The daughter of the King, Princess Vihara Maha Devi set adrift as an offering to the Sea Gods

A storm tossed Princess

The story of Prince Gamini, later King Dutugemunu, the hero of the Mahawamsa chronicle is swathed in myth and legend. It is a story for all eternity, passed on for countless generations by the people of our country. The stories of this warrior prince are mostly backed by archaeological evidence, yet still some are confined to the realm of folklore.
Twenty three centuries since Prince Gamini walked this land his name still arouses ardour and emotion among his countrymen. For most, he is nothing short of a deity, the unparalleled hero of all time, but for the student of history, Prince Gamini proves a very human subject of study. His story transcends race religion and civilisations. He would epitomise the thirst of any nation to break the shackles of foreign occupation and live under self rule. This universal appeal of the story of a Prince, born to parents of Royal descent in exile from their ancestral capital, his life long challenges and eventual triumph over a foreign occupier, makes it the best story ever told in Sri Lanka.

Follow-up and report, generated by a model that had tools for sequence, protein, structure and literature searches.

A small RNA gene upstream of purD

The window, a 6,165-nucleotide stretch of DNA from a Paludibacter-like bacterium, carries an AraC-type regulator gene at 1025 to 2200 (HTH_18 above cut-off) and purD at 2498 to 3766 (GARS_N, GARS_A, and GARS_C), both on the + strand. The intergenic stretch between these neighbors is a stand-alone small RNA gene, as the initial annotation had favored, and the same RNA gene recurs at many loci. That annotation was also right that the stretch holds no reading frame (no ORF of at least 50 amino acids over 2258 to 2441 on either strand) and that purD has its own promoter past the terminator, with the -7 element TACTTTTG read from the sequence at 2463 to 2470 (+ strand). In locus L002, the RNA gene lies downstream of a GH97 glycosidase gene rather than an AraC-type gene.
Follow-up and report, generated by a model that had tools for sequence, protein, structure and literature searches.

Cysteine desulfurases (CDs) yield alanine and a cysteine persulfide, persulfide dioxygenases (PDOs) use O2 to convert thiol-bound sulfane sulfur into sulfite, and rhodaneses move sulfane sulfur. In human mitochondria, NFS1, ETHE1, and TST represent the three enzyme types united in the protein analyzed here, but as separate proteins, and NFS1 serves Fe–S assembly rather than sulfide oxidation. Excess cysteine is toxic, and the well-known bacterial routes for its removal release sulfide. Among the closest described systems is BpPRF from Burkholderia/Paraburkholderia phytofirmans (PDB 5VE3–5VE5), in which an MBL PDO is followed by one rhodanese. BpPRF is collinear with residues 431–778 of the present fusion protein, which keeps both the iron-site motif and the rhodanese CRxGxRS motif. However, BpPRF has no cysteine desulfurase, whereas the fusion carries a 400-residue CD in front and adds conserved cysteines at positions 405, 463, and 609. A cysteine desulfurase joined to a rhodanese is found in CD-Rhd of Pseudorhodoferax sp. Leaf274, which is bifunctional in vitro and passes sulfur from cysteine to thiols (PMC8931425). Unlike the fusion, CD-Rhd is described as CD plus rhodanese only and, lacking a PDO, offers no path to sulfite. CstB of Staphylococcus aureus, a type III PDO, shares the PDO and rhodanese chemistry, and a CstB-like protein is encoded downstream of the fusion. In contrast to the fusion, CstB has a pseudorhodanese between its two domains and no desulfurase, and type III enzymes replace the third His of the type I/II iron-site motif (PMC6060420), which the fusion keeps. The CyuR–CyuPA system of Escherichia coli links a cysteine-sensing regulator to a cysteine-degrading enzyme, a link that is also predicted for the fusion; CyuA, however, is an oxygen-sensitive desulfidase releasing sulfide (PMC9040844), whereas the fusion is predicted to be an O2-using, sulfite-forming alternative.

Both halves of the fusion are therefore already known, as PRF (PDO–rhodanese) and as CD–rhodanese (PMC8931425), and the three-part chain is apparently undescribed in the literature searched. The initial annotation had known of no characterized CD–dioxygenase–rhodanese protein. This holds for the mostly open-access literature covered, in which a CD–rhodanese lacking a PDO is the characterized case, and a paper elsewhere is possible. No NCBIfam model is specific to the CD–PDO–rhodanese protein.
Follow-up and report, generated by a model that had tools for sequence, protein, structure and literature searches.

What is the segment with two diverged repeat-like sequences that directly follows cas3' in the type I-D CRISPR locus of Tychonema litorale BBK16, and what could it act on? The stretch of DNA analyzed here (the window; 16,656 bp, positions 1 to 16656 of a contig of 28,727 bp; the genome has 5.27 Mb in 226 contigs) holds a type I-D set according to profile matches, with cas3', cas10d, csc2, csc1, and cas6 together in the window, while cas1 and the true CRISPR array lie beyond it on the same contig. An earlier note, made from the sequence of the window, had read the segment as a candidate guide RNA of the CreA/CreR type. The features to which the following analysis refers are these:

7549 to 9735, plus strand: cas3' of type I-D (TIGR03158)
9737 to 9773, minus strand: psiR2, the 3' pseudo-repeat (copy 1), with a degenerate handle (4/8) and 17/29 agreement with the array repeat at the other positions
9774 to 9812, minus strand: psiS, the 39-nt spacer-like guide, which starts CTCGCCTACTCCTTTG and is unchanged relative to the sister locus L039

Over two millennia may have passed since Prince Gamini unified the nation, but he lives on in the collective memory of our people and in the many places scattered around the island that were associated with his life. In a new series commencing this week, we trace the footsteps of this legendary Prince: From his ancestral hometown in the deep south to his place of exile in the hill country and onwards to his march to the capital of Anuradhapura where he became a king; and a legend

By Theja De Silva